Rotherweird is a strange town. Cut off from the rest of England during the reign of Elizabeth I, the outside world has barely encroached on the town since then. Populated almost entirely by borderline genius eccentrics, outsiders aren’t really encouraged except for in exceptional circumstances – like the disappearance of one of the town’s teachers, prompting them to seek a replacement. On getting the job of history teacher, Jonah Oblong arrives in Rotherweird and, stranger still, is given to understand that actual history is very much off-limits. Only the 1800’s and on can be taught, and even the slightest bit of interest in the town’s past is banned. When another outsider also arrives in town, having bought his way into the Manor, the inhabitants of Rotherweird find themselves ensnared in secrets from the town’s past and, frustratingly for both them and us, each of them only holds a tiny part of the puzzle.
Rotherweird sounded like exactly the sort of book I’d devour and love, dealing as it does with history, mystery and alternate realities, but in practice I actually found this to be a little bit of a slog. I didn’t have a single clue what on earth was going on until more than halfway through the book, when everyone got together and explained to one another what we all needed to know, and while I’d usually find a slow drip of information quite tantalising, here I just found it bewildering. By the end of the book, when everyone had to get together again at the end to explain to us all just what had happened, I found myself annoyed more than anything that this amount of exposition was needed to round things up. The characters, meanwhile, were obviously meant to be charming eccentrics but to me mostly came off as self-consciously weird.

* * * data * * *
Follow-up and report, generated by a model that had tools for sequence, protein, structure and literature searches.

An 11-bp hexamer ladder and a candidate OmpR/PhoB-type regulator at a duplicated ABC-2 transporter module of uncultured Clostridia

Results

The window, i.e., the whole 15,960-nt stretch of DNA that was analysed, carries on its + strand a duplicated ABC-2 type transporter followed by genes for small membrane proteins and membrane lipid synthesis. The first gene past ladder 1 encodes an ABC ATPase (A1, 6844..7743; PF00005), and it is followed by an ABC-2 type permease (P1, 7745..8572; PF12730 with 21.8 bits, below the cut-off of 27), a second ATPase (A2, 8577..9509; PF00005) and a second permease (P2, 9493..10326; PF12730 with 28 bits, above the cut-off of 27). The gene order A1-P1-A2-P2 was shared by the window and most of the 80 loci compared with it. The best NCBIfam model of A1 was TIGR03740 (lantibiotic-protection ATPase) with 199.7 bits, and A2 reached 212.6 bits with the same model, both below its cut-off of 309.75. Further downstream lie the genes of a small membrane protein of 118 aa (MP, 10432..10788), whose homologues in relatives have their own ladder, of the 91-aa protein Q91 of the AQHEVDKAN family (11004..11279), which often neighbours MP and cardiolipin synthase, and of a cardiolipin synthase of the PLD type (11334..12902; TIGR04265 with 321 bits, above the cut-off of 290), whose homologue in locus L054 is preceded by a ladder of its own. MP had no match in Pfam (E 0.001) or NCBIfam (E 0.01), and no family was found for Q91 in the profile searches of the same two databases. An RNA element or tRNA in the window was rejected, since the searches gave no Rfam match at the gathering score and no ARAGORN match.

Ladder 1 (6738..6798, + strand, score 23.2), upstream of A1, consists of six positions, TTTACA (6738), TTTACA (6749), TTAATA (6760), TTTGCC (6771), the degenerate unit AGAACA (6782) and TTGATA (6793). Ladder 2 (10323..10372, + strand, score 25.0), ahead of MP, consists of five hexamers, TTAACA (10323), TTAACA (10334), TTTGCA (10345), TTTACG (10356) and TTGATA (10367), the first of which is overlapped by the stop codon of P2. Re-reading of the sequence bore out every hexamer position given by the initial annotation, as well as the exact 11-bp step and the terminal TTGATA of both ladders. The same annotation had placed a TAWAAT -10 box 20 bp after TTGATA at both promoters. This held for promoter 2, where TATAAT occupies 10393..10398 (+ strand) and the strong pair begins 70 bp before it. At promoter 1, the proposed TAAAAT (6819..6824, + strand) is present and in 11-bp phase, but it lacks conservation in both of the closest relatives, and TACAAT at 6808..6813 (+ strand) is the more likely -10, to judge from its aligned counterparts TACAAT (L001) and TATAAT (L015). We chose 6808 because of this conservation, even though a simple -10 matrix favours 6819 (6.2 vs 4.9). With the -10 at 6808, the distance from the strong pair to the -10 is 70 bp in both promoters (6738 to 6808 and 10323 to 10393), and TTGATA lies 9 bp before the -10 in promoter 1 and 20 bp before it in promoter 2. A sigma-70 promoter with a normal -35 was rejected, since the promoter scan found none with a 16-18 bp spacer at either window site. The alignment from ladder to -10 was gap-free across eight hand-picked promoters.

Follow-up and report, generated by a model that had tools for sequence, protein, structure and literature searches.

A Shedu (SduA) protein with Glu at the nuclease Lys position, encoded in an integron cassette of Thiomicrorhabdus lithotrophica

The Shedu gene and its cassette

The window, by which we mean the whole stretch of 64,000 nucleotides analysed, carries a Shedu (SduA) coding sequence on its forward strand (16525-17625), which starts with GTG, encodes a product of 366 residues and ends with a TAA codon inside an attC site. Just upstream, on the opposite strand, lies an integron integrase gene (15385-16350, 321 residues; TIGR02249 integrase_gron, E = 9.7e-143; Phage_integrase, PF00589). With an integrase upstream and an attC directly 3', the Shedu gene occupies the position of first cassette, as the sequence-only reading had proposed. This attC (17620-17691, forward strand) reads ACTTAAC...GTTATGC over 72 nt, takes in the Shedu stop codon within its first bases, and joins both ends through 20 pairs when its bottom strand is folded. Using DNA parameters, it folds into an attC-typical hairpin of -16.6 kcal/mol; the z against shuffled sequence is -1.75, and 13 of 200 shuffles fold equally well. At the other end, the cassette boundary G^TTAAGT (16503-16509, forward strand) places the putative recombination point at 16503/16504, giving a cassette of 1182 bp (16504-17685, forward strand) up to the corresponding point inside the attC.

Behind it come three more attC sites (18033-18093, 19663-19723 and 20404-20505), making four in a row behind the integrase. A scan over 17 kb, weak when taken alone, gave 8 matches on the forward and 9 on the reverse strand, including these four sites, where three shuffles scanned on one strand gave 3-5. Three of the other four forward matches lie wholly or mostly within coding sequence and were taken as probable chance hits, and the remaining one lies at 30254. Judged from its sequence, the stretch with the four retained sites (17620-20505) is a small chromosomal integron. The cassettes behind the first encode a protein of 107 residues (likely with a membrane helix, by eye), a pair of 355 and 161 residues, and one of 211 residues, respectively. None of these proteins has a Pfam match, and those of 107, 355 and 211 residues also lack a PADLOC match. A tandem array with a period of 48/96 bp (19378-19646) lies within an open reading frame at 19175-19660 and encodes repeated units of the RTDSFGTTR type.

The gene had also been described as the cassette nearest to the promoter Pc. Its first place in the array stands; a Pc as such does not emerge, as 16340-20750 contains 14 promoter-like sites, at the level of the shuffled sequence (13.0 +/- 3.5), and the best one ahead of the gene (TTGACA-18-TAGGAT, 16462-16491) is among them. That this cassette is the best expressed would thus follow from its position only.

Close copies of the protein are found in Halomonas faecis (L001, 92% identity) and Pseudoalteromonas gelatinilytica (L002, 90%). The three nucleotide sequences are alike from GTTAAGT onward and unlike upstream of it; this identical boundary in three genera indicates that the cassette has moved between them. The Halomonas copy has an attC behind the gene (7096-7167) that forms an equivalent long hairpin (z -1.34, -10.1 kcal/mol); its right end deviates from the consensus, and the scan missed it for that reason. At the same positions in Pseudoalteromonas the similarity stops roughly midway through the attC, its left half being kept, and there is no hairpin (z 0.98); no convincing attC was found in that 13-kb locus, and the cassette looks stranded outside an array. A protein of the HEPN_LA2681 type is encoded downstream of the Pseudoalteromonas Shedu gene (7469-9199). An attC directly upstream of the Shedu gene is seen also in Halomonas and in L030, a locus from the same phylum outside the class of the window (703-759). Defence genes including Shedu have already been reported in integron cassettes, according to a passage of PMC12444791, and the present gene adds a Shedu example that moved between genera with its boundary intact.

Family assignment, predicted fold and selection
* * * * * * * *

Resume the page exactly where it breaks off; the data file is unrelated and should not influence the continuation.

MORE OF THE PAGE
Others may find more to enjoy in Rotherweird than I did, but mostly I was just rather bored.